- About Immunology
- Graduate Program
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UW Immunology faculty are internationally recognized for innovative and significant contributions to research in diverse areas of immunology.
Our faculty are regularly published in the most competitive biomedical journals, and serve on the editorial boards for a number of these journals. Faculty have an outstanding record of obtaining research funding; many faculty members are recipients of NIH MERIT Awards and prestigious junior faculty awards from the Cancer Research Institute, Burroughs Wellcome, Pew and Seale Scholars Programs.
Infectious disease includes the study of the immune response to communicable, contagious or transmissible disease.
TOLERANCE & AUTOIMMUNITY
Tolerance and autoimmunity includes the study of how the immune system distinguishes microbial products from self-antigens and how a breakdown in this process causes autoimmune disease.
Allergy includes the study of hypersensitivity disorders of the immune system to normally innocuous environmental antigens.
The study of innate immunity is focused on host defense mechanisms that sense the presence of pathogens in order to mobilize the immune response without requiring specific recognition of a particular pathogen. Innate immune cells also play a role in tissue homeostasis and wound healing.
The Center for Innate Immunity and Immune Disease (CIIID) at the School of Medicine, directed by Dr. Michael Gale, Jr., focuses on innate immunity, which represents the body’s processes of immune recognition and response programming that establishes effective immunity and immune regulation. CIIID's mission is to provide a formal infrastructure for innate immunity research, development, and training activity that does not currently exist at the UW.
ADAPTIVE IMMUNE RESPONSES
The study of the adaptive arm of the immune system focuses on the biology of lymphocytes that express unique receptors for specific antigens. These lymphocytes are able to adapt the immune system to respond more efficiently to subsequent encounters with pathogens producing a specific antigen.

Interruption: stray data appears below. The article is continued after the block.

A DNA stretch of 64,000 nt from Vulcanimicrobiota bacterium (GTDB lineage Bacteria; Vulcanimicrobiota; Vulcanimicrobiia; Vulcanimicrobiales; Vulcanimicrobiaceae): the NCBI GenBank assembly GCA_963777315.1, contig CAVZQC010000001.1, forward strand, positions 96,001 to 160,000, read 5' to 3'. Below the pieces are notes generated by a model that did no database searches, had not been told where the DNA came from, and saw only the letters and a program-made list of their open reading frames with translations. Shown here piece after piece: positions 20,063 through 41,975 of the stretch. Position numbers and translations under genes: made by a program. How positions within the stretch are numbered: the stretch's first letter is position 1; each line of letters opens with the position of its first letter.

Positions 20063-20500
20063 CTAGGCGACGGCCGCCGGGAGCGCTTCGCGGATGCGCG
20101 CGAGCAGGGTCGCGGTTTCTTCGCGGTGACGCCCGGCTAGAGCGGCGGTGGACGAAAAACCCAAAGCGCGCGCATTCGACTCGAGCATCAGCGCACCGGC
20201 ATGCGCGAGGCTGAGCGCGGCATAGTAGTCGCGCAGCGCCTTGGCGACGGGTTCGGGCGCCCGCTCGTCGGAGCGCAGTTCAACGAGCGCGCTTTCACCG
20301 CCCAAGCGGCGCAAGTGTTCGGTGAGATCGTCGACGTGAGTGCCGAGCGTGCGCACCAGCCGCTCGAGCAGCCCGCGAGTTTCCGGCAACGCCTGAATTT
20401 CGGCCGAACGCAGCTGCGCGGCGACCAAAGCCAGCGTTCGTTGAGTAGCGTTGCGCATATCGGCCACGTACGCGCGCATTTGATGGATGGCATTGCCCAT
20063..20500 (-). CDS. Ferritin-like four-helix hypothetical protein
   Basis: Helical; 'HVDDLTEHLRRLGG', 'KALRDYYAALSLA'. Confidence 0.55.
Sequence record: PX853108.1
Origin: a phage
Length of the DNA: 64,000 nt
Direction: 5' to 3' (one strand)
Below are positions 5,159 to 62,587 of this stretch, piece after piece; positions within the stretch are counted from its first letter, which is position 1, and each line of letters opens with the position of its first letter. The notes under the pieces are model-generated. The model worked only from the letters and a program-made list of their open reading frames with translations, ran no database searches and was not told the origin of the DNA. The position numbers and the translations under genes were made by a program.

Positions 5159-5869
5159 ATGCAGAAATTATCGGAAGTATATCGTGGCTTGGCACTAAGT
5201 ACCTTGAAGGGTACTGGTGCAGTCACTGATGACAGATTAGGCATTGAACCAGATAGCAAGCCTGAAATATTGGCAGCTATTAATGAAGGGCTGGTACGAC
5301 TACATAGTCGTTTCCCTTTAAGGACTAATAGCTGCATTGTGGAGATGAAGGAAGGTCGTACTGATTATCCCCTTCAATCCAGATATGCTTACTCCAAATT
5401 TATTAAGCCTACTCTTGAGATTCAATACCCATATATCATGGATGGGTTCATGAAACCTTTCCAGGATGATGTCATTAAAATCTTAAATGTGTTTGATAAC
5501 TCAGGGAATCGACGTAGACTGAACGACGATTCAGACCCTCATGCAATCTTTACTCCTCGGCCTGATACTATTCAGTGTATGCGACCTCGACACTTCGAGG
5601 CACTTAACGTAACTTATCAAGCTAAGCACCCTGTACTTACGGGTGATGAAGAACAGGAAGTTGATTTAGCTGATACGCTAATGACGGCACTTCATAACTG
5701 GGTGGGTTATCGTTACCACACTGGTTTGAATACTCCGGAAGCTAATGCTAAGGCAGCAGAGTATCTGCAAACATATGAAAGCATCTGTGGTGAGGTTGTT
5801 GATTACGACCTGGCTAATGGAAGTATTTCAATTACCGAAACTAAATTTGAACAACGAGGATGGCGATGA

- Estelle Bettelli, Ph.D.
- Edward A. Clark, Ph.D.
- Ian Nicholas Crispe, M.B.B.S., Ph.D.
- Pamela J. Fink, Ph.D.
- Michael Gale, Jr. Ph.D.
- Michael Gerner, Ph.D.
- Philip D. Greenberg, M.D.
- Joan M. Goverman, Ph.D.
- Nancy Maizels, Ph.D.
- Mohamed Oukka, Ph.D.
- Marion Pepper, Ph.D.
- David J. Rawlings, M.D.
- Roland K. Strong, Ph.D.
- Kevin B. Urdahl, M.D., Ph.D.
Cancer immunology is the study of interactions between the immune system and cancer cells, including the focus on cancer-specific antigens with goals towards new vaccines and antibody therapies.
Developmental immunology focuses on the generation of all components of the immune system during development of the organism.
Molecular immunology focuses on molecular mechanisms that are involved in generating and regulating immune responses. This area includes research on transcriptional, post-transcriptional, epigenetic and post-translational mechanisms for regulating expression of genes involved in immune responses, molecular mechanisms by which pathogens evade immune responses, signal transduction mechanisms in innate and adaptive immune cells that regulate their differentiation and function and molecular mechanisms that orchestrate the trafficking of immune cells and development of lymphoid organs.